Trust may be one of the most valuable commodities in your business. A team that trusts each other and their boss is a team that will work harder and happier to achieve great things. Cut corners where you will, but when it comes to people you need to invest. Not just money, but time and care. A whopping 93% of employees believe that trusting their leaders is essential to work satisfaction. And a satisfied team makes your business more money. So how to go about developing that trust?
Trust works both ways
Trust is most effective when it’s mutual. When you show trust in your employees, they will feel that you’ve taken their feelings and identities into consideration. To work together requires a sense of collaboration. When you just pass tasks along with little consideration, you risk alienating your crew.
To build trust, try to be as open as possible with your team about every aspect of your business. Involve them in decisions, and show them how you work and why you do things the way you do. This has the important advantage that it removes uncertainty from your employees’ daily tasks.
“[U]ncertainty about the company’s direction leads to chronic stress, writes Paul J. Zak, founding director of the Center for Neuroeconomics Studies, “which inhibits the release of oxytocin and undermines teamwork“.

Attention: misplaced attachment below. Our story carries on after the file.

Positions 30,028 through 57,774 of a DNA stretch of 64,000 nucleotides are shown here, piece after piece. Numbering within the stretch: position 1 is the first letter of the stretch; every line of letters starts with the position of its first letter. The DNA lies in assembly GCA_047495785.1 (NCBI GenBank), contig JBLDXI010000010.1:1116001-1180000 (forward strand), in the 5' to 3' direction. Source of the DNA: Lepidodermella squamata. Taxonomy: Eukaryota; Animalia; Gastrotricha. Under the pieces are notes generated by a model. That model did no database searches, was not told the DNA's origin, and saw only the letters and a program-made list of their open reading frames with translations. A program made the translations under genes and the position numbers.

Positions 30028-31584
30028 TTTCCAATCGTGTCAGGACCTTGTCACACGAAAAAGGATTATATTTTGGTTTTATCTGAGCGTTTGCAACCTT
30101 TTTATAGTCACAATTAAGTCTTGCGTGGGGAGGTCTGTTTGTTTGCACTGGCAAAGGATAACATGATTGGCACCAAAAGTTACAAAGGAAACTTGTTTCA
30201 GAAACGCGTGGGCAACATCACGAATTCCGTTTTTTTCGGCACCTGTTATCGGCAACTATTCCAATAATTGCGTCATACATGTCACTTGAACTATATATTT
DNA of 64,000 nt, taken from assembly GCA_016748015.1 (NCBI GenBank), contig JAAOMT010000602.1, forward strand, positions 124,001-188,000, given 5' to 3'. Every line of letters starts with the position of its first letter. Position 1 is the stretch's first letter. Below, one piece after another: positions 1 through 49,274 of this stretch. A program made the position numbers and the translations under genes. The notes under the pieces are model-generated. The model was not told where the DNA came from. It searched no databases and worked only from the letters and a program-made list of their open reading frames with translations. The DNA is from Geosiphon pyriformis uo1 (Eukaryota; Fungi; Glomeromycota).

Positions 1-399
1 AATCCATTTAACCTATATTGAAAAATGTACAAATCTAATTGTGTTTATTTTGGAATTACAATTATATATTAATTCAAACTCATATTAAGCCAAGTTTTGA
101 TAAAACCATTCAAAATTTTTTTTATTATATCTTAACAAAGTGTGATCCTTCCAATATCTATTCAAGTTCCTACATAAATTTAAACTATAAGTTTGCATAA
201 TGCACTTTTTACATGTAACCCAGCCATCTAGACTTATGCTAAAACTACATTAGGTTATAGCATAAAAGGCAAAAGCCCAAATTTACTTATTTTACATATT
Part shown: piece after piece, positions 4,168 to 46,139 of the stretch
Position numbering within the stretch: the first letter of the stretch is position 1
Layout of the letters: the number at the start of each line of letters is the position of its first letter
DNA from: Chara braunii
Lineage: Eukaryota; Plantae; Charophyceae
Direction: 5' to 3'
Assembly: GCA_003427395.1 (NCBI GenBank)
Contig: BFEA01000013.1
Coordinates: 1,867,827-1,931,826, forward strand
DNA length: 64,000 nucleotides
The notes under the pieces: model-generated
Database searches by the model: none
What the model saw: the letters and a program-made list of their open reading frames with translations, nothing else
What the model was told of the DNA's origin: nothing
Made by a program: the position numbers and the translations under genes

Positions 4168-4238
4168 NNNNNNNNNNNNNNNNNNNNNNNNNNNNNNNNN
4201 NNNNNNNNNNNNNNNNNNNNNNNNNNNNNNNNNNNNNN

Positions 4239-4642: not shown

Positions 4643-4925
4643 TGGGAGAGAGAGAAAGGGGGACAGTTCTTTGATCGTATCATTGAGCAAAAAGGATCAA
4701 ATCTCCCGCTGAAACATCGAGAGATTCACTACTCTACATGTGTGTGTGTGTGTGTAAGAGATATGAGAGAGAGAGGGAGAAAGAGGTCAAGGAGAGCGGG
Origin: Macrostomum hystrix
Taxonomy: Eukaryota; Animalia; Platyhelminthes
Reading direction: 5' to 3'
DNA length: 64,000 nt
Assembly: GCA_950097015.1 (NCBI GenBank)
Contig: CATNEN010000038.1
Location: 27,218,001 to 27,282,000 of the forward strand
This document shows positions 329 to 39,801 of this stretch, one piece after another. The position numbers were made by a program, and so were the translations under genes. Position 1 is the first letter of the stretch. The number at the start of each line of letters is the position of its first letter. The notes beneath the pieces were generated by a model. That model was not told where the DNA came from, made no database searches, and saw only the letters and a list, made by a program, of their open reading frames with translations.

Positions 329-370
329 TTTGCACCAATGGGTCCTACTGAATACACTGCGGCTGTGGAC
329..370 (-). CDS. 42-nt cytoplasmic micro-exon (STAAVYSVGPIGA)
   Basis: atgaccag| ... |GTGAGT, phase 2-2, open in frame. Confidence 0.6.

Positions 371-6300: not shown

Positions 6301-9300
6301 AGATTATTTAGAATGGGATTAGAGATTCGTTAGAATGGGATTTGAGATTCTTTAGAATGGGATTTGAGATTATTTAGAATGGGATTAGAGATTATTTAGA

“Openness is the antidote”.
Part of showing your trust is to listen carefully. And again, your team will learn to trust and respect you if they know you have their interests at heart. Asking open-ended questions can begin an open and creative dialogue.
This listening occurs in daily interactions, but it also refers to how you treat your colleagues in the bigger picture. For example, letting them know that you’ve noticed when they’ve done something particularly smart or effective.
And listen not just to what they say and do, but what they feel. If you see somebody is raring to have a bit more responsibility, and you know they’re capable, reach out to them and delegate some of your own important tasks. Or hold regular sessions to observe and redistribute the workload. Discuss or use feedback forms to give folk a chance to express what work they believe they’re good at, and what they would like to do.
It may sound obvious, but one of the simplest ways to build trust is by being honest. That starts with being open about your business practices as discussed above. But it should refer through to all areas of your workplace.
Being honest isn’t always easy, and it isn’t always pleasant. But a healthy and considerate conflict is more productive than simmering resentment and distrust.
To be a trustworthy boss doesn’t require you to be a tyrant. However, bottling things up or sweeping them under the carpet will damage your relationships and your business. Equally, make promises you can’t keep will lose you trust.
A boss “whose behavior can be reliably predicted will be seen as more trustworthy,” says Robert F. Hurley, professor of management at Fordham University in New York. “One whose behavior is erratic will be met with suspicion“.
“Here the issue of integrity comes into play – that is, doing what you say you will do. Trustees who say one thing but do another lack integrity.”
To begin building that trust, take a long hard look at this infographic from The Business Backer